No appeal ends Puma fight
Puma Energy developer DCSC Pty Ltd decided on Wednesday not to challenge an appeal against a new petrol station in the Dunsborough town centre in the High Court.
It comes a month after the WA Court of Appeal upheld a Southern Joint Development Assessment Panel appeal of a Supreme Court decision to allow the petrol station to be developed, on the basis it was approved as a “convenience store”.
Planner and spokesman for DCSC Paul Kotsoglo said the agreement with Puma Energy lapsed on December 31.
“The parties have mutually agreed not to extend the agreement to develop a convenience store and fuel outlet in Dunsborough,” he said.
The State Administrative Tribunal twice ruled in favour of the project but a successful appeal by the State in the Supreme Court on December 3 forced a potentially expensive High Court challenge.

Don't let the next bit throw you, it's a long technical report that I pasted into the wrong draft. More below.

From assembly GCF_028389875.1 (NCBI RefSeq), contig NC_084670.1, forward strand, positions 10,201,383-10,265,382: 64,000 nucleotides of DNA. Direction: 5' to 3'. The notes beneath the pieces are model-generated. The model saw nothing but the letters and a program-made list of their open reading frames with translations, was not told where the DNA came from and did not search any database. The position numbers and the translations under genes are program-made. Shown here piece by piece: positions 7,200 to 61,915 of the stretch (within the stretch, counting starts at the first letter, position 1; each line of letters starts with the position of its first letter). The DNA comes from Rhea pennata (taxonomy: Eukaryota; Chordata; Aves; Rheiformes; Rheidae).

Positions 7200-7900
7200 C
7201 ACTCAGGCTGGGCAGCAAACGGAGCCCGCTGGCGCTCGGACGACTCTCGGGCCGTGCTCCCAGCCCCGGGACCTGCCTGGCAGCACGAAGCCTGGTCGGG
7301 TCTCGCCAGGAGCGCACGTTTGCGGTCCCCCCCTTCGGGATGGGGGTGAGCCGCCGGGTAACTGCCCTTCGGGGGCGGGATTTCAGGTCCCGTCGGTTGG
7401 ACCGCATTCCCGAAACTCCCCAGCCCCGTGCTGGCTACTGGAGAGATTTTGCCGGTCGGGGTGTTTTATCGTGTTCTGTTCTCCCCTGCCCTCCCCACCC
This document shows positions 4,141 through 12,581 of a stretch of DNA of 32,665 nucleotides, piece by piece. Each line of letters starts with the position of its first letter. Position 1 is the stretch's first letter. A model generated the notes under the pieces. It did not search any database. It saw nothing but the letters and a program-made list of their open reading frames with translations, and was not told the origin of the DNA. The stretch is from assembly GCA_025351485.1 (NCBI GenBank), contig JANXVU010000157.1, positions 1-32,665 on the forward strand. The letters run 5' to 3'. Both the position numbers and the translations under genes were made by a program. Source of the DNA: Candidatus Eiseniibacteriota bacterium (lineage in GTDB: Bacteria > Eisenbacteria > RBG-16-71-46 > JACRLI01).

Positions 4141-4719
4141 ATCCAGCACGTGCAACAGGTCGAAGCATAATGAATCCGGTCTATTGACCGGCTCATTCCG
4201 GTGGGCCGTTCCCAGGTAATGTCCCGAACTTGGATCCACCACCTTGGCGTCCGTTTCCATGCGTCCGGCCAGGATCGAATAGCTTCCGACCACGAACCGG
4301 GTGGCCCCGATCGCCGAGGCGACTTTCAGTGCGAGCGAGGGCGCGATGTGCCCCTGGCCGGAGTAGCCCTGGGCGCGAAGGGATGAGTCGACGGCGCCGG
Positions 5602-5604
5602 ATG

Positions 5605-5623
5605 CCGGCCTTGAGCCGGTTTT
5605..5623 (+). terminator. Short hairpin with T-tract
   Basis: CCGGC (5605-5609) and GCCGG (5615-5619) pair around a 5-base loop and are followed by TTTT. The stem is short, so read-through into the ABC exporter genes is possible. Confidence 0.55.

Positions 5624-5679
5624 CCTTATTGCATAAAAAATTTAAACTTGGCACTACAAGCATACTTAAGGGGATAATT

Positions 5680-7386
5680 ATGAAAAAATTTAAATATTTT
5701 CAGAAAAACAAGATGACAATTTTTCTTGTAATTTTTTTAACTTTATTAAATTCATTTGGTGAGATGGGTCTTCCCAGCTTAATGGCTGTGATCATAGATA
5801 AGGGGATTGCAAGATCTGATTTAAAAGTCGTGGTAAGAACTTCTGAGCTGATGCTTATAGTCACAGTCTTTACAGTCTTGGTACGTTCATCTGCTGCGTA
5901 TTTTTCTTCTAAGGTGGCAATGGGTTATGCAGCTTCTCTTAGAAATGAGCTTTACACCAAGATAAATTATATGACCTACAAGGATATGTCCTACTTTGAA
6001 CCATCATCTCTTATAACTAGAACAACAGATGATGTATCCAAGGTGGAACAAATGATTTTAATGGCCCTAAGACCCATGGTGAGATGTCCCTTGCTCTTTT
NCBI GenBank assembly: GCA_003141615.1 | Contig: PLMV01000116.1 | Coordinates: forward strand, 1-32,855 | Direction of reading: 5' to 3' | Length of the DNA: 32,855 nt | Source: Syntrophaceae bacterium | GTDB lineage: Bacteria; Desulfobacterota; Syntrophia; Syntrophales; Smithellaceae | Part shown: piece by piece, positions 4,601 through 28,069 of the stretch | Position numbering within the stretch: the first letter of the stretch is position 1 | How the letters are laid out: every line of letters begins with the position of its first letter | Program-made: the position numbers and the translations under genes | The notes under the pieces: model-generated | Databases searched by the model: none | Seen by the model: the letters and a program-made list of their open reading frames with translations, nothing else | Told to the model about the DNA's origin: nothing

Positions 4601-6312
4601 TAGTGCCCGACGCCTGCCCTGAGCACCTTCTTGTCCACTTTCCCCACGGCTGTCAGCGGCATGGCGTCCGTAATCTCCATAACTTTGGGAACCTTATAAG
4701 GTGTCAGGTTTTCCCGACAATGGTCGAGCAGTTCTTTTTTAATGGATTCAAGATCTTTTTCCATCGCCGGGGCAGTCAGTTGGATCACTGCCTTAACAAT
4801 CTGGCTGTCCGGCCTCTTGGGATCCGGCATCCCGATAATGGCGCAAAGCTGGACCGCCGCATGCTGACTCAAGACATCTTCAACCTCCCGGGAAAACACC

“We are not the first, and will not be the last party, to be thwarted by a long, expensive and an unpredictable approvals process,” Mr Kotsoglo said.
“The ability of the State to change rules at will during the approval process is cause for concern for anyone with an interest in or who owns property.”
Local community group Puma2Go spokesman Tony Sharp said it had been a long three years of fighting but residents never supported the petrol station on Dunn Bay Road.
“We want to thank the residents of Dunsborough for standing up and fighting this development from day one,” he said. “From rallies to contributions and volunteer work, the residents never gave up.”
The December 3 ruling was the first that DCSC had lost.
“It is reassuring to know that sometimes there is justice in the world,” Mr Sharp said.
DCSC will now consider other commercial options for the development of the land.
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